Foster Friess and the Famestream Feedia

I have been on this story for awhile — long enough to have monitored the coverage of Friess — and the coverage is, to put it mildly, AWFUL.

Foster’s little cross to Bayer

Yesterday, in Salon, Robert Reich talked about the plutocrats financing the GOP presidential primary. Friess was identified as:

Freiss, a fund manager based in Jackson Hole, Wyo., gave $669,000 (he had given the Santorum super PAC $331,000 last year, bringing Freiss’ total to $1 million).

Zowie. Well, Reich can be forgiven, as a NOT professional journalist, for not knowing that Friess retired ELEVEN YEARS AGO. But, if it’s any comfort to Reich, his “facts” aren’t any worse than anybody else’s. In the month since Foster made the jump from blogosphere to famestream feedia, there have been lots of stories about Mr. “Aspirin between the knees,” but none that I am aware of has given you any more information than is contained in this paragraph.

How pathetic is that? How bought and owned are your commercial “news” outlets, given a month to cover an important story, when they haven’t dug one micron deeper than the superficial?

Well, screw them. Here’s what any google monkey at any newspaper in the USA might have found in ten minutes of a little deeper scratching. In the middle of the Great Santorum debate on ‘Satan and America’ we might want to consider one more candidate for “Agent of the Devil.”

Here’s Foster’s bio as a speaker at the November 9, 2004 “1st Annual Freedom Dinner at the Fairmont Hotel in Washington, DC. ” given by the Atlas Economic Research Foundation (a Koch-related “think tank” — about whom I’ll be talking more later this week):

Foster Friess is the chairman of Friess Associates, whose flagship Brandywine Fund has appeared on Money magazine’s list of the “World’s Best Mutual Funds” every year since Money began compiling it six years ago. He is well-known for his philanthropic efforts, focusing principally on one-on-one mentoring and entrepreneurial, faith-based urban charities. He has received the Muhammad Ali Humanitarian Award; Hillsdale College’s Adam Smith Award; The Canterbury Medal from the Beckett Fund for Religious Liberty; and The Richard M. DeVos Free Enterprise Award for Exceptional Leadership from the Council for National Policy.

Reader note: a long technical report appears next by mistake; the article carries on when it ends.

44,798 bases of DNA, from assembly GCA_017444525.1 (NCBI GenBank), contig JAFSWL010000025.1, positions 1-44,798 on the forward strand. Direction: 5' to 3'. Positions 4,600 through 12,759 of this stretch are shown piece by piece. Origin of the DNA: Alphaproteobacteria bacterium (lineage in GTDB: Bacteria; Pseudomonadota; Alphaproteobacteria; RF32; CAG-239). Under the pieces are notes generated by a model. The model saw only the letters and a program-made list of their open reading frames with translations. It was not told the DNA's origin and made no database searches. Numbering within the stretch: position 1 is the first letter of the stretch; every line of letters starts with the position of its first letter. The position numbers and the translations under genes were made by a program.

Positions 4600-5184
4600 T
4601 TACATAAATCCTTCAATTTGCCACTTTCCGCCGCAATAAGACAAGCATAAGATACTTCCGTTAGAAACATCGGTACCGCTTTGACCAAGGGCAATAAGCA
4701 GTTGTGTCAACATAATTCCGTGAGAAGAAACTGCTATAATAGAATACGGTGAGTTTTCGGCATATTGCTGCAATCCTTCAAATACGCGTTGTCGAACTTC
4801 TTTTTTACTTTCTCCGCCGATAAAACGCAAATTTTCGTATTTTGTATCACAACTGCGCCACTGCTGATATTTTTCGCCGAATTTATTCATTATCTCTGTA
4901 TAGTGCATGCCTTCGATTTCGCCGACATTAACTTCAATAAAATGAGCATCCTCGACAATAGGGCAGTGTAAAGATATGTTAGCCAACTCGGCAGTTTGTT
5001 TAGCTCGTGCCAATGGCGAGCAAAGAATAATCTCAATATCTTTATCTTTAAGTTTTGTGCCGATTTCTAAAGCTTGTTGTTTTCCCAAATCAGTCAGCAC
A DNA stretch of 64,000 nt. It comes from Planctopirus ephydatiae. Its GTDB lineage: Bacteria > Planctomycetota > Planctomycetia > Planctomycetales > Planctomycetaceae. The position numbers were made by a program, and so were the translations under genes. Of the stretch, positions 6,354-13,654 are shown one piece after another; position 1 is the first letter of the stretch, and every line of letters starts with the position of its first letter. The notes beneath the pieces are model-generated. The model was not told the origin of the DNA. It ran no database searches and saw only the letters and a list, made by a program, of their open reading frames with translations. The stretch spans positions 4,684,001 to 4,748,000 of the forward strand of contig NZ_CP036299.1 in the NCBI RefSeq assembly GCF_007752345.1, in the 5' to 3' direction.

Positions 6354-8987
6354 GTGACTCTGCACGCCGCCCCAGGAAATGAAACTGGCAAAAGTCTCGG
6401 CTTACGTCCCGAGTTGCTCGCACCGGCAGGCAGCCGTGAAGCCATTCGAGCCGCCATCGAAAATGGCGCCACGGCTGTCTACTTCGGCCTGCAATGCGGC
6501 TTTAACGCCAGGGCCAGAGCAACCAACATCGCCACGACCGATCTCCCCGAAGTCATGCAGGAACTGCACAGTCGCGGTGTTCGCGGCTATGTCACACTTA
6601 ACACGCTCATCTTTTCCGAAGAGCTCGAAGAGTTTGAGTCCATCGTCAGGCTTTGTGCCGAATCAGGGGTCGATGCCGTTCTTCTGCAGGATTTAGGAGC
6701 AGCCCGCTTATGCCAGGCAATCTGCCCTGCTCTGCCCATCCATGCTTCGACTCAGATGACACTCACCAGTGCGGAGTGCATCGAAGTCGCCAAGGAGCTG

If you need to know who the Council for National Policy is, see here. SourceWatch says this about Atlas:

Mission – “Johnny Appleseed” of antiregulation groups

For over two decades, a Virginia-based organization has been quietly working as the Johnny Appleseed of antiregulation groups. With a modest $4 million dollar budget in 2003 and a staff of eight, Atlas Economic Research Foundation is on a mission to populate the world with new “free market” voices. In its 2003 review of activities, quaintly titled its “Investor Report,” Atlas announced it worked with “70 new think-tank entrepreneurs from 37 foreign countries and several states of the U.S.,” including Lithuania, Greece, Mongolia, Ghana, the Philippines, Brazil and Argentina.

The mission of Atlas, according to John Blundell (president from 1987 to 1990), “is to litter the world with free-market think-tanks.”

Named after the Greek god condemned to bear the heavens on his shoulders, Atlas identifies, screens and offers initial support to individuals and groups who want to create local think tanks. “Our ideal ‘intellectual entrepreneur,'” says Atlas, is “someone who communicates effectively with businessmen, academicians and the general public.” By facilitating the establishment of local think tanks, Atlas increases both the reach and local credibility of their “free market” message, thereby having “the most cost-effective impact.”

Since its formation in 1981, Atlas has funneled over $20 million in grants to think tanks that have passed its screening process. Atlas aims, it says, to “increase that amount tenfold in the next decade.” In 2003, a little over $2 million of Atlas’s 2003 budget was passed on to other think tanks. While the large conservative foundations take the approach of making large sustained and often untied grants, Atlas believes less is more, providing new think tanks with only small grants of $5,000 or less. Atlas weans their fledgling projects off this modest annual funding within five years, making exception only for specific innovative projects.

[...]

Atlas has cosponsored Heartland Institute events dedicated to the proposition that climate change is not a crisis and has supported organizations such as the John Locke Foundation which has attacked efforts by state elected officials working on climate solutions with the Center for Climate Strategies.[1]

And here’s the summary of an earlier speech, given at an Atlas event, which outlines some of his “Jesus is my CEO” political philosophy:

Foster Friess Reflects on The Human Face of Economic Liberalism